Thus the need for intelligent choice emerges, and the brain comes forward as the enabler of appropriate alternatives. Of course the brain must first be filled with experience obtained either directly or through the upbringing of parents or other adults. Some large mammals like mother bears stay with their cubs for a year and one-half or longer, during which time the offspring have a chance to learn the requisite skills for living on their own. Most bird species spend several weeks teaching their young how to fly; then the latter must fend for themselves.
By contrast, humans require nearly two decades of nurturing before they can be considered adults. Experience in turn requires memory to serve its owner. As the more highly developed organism observes successful behavior — for example, the correct method of capturing prey — it converts impressions of bodies and force in play into mental representations, or neurological impulses, and stores them in memory. Neurological impulses, being reflections of matter and energy in action, retain their character as force, but in an altered state: as stored energy.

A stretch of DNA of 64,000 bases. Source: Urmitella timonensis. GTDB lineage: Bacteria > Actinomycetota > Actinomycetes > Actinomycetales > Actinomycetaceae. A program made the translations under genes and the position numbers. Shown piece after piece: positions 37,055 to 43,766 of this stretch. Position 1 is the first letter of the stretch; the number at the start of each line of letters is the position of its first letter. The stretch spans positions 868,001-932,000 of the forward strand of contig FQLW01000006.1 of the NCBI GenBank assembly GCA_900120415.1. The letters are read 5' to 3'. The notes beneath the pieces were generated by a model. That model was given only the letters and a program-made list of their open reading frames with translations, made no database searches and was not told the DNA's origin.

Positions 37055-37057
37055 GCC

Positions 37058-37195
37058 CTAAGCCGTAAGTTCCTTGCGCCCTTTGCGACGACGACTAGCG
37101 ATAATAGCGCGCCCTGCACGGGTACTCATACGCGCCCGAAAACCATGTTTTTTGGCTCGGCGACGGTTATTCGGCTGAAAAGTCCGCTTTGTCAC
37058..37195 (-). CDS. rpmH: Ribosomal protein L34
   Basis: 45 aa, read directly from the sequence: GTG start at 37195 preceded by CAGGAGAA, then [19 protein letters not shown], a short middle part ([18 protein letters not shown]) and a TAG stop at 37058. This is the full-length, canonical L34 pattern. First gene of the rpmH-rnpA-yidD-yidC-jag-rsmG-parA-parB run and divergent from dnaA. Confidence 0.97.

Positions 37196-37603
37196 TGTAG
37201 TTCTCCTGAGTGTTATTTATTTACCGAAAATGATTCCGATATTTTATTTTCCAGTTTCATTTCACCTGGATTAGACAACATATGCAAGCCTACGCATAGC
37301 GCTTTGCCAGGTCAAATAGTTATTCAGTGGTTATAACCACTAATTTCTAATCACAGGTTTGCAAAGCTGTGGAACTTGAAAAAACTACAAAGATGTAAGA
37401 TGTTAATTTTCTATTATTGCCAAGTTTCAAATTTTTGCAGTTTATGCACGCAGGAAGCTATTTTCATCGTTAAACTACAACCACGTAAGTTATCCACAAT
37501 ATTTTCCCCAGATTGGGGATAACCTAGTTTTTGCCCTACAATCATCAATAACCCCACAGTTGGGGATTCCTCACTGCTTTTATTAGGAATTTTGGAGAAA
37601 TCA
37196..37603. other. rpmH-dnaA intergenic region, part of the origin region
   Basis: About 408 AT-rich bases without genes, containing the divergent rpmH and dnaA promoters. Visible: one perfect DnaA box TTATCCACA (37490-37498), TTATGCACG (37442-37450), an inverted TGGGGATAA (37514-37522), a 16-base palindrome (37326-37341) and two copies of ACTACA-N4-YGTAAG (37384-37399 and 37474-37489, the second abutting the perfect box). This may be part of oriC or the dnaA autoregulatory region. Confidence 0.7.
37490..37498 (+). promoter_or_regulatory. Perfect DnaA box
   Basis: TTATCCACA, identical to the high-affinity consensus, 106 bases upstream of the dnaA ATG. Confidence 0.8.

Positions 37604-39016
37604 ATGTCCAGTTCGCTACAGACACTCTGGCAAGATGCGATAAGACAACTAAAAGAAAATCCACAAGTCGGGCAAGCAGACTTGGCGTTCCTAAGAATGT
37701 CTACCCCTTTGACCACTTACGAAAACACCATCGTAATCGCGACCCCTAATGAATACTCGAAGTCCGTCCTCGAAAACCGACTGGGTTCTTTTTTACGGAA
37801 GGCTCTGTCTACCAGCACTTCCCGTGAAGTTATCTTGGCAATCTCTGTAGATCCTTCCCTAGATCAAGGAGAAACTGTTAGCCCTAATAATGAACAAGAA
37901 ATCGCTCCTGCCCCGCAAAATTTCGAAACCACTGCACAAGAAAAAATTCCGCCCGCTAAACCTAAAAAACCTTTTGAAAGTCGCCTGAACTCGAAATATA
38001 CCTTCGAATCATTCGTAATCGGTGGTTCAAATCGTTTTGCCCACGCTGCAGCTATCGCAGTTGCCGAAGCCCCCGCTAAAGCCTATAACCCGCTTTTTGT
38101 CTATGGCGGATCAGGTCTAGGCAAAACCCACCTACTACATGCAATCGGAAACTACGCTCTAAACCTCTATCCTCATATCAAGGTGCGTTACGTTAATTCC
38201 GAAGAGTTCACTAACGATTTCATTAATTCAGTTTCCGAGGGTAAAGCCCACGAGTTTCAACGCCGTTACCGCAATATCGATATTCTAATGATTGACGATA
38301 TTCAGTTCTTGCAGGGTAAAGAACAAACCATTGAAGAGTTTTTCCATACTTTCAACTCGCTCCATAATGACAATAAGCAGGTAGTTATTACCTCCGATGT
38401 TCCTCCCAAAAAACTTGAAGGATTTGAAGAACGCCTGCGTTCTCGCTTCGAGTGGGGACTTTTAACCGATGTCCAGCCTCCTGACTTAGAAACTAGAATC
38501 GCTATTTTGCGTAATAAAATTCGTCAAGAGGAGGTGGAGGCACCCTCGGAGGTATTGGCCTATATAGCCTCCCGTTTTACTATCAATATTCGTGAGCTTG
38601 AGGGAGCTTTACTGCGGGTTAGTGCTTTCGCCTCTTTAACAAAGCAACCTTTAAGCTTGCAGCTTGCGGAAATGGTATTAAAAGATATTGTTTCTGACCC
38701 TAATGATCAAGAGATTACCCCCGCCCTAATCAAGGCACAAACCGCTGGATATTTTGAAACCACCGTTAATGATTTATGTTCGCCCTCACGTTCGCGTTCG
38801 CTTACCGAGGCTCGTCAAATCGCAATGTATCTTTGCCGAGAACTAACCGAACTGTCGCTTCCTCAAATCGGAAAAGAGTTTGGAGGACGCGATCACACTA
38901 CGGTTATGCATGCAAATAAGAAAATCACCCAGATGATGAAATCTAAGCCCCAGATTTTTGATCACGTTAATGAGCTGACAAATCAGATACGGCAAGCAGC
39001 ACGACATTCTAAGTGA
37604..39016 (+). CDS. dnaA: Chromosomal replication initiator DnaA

The more advanced animal species are able to gather together knowledge and experience of varying degrees of sophistication. This is potential power, for experience vastly improves the capacity of the organism to oppose the environment. By means of memory, living subjects have the ability to make use of previously expended force.
Knowledge and experience are thus potential force waiting for the individual will, and favorable external conditions, to reconvert the representation into physical reality. Stored information can act to provide the brain with appropriate pathways through which the organism will then channel its living force for optimal results.
As forms of energy, knowledge and memory are dynamic captives of the mind, exercising a continuing influence at different levels of mental activity. These impulses can remain at an unconscious level or emerge in the conscious parts of the mind if their magnitude reaches a critical mass.
Man’s Decisive Advantage Against Other Living Beings
If all living beings seek to appropriate as much power as possible, why do human beings accumulate more of it than any other plant or animal species? What accounts for man’s superiority over other forms of life? What explains the immense power of the human being?